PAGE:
Digital Humanities? For some time now, we have been encountering the term in university teaching, in funding programs, or in “classic” humanities publications. In my talk I would like to give a little insight into the subject area and look at the Digital Humanities from the perspective of a museologist, librarian and information scientist. It’s about typewriters, modelling knowledge systems, turtles, and YouTube. These are topics we find in the Digital Humanities, a new field of research or a new way of thinking in the humanities.
Eva Ullmann – “Humour is more than funny. A serious TEDx talk”
A German expert giving a presentation on humour? That is entirely absurd! Outrageous! Or is it? Well, give Eva Ullmann 20 minutes of your time and then judge for yourself! Since the general opinion attributes very little sense of humour to Germans, she decided to embark on a journey to discover and analyse it. She’s been exploring the fascinating (and surprisingly effective) combination of seriousness and humour. Humour can quickly grab people’s attention, it can decrease stress and can help you to deflect unfair attacks. (These techniques even work with German humour...)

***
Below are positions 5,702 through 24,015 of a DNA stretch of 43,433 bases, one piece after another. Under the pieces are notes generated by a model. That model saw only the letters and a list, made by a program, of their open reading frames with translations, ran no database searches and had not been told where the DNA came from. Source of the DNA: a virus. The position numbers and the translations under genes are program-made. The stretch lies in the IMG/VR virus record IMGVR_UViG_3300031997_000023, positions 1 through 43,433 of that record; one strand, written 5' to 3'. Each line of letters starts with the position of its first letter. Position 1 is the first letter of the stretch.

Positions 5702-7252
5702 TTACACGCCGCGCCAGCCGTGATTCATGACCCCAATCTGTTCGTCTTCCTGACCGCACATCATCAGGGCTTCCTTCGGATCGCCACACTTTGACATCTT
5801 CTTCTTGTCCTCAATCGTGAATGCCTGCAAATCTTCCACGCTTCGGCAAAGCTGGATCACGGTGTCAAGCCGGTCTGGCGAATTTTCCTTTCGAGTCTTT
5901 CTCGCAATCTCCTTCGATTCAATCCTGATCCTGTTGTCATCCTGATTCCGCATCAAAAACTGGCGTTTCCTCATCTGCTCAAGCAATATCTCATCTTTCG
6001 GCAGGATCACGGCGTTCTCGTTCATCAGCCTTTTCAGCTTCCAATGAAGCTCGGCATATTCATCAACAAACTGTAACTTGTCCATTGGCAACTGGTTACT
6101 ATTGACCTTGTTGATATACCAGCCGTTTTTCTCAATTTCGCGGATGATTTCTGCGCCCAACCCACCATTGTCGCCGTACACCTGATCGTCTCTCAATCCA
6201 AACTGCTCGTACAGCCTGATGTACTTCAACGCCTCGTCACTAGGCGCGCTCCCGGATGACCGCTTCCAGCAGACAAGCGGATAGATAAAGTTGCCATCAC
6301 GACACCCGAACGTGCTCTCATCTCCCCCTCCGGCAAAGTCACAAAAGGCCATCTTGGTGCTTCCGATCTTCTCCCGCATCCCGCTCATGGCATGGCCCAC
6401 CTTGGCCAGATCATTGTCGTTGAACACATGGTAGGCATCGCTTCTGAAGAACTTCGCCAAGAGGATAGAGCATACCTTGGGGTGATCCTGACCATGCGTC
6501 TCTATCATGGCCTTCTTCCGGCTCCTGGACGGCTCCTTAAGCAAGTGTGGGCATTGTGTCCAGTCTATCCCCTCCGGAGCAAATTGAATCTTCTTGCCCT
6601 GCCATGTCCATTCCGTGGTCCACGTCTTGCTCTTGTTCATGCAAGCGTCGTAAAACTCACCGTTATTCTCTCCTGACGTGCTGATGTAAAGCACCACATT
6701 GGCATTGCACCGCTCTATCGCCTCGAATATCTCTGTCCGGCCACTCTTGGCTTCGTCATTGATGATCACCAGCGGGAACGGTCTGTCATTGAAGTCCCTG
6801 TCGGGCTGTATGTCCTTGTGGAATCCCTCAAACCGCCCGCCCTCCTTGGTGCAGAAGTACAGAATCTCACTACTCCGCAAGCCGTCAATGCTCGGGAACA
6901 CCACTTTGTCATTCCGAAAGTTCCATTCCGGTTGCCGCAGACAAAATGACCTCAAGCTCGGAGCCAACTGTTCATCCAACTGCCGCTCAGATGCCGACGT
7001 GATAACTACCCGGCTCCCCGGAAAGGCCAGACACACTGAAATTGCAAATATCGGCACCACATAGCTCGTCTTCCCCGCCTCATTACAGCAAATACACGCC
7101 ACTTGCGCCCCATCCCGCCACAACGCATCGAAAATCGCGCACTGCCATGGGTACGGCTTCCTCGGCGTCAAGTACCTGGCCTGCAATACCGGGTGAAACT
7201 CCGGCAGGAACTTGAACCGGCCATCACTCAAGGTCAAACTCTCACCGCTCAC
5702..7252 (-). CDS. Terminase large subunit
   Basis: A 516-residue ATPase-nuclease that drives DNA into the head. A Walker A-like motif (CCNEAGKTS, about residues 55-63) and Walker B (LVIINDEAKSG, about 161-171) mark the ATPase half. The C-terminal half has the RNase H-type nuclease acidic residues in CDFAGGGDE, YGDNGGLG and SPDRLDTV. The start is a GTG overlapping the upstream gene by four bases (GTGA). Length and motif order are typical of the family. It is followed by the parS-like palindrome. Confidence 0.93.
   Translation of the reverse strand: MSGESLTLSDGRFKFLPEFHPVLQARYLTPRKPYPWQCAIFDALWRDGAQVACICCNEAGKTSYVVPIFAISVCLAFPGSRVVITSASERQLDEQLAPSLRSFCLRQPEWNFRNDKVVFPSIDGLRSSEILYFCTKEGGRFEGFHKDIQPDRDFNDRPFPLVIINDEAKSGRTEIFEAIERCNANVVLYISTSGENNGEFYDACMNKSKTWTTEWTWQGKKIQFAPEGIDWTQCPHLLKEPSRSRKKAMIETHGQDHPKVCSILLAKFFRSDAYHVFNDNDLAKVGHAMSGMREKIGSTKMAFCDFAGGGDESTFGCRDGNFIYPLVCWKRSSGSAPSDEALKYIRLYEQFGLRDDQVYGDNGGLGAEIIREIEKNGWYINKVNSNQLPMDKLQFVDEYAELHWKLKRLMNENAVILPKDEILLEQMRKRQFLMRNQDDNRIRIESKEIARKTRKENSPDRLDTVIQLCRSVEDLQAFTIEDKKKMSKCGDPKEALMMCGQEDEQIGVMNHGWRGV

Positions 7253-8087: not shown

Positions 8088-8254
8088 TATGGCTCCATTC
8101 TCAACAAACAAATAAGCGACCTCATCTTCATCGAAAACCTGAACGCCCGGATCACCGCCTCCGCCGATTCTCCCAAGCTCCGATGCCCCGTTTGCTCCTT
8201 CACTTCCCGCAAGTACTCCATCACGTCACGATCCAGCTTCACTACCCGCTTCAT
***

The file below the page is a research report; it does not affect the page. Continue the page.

Miho Ohki – “Overcoming Performance Anxiety through Mental Training”
Performance anxiety is something we have all experienced. We have a lot of opportunities to perform in our lives. Whether it’s giving a speech at someone’s wedding, a presentation at work or, of course, in musical performances. It is not only a common issue among amateurs, but also among professional musicians. Miho Ohki, a Japanese pianist, piano pedagogue and researcher of mental training for musicians, provides a way for us to overcome performance anxiety through mental training techniques. Inspired by personal experience, this led Miho down the path of exploring mental training techniques to manage performance anxiety. By applying these techniques, you will feel much freer on stage and start enjoying your performance experience as you were meant to.
Wolfgang von Geramb – “Turn your problems into possibilities!”
When it comes to wishes, ideas, and wonderful dreams, people are great in planning, and then oppps - obstacles and problems are not far away. We might get stuck along the way. Most people fail to turn their dreams into reality because they encounter seemingly insurmountable problems to keep them from succeeding. Entrepreneur and creative problem explorer Wolfgang von Geramb shows an ingenious way to solve these problems with the playful 10:3:1 Solution Machine. "Everybody should have this tool strategy and understand that every problem is a question."
Lies van Roessel – “Pay for Skin or Pay to Win? On Monetization in Free-to-Play Games”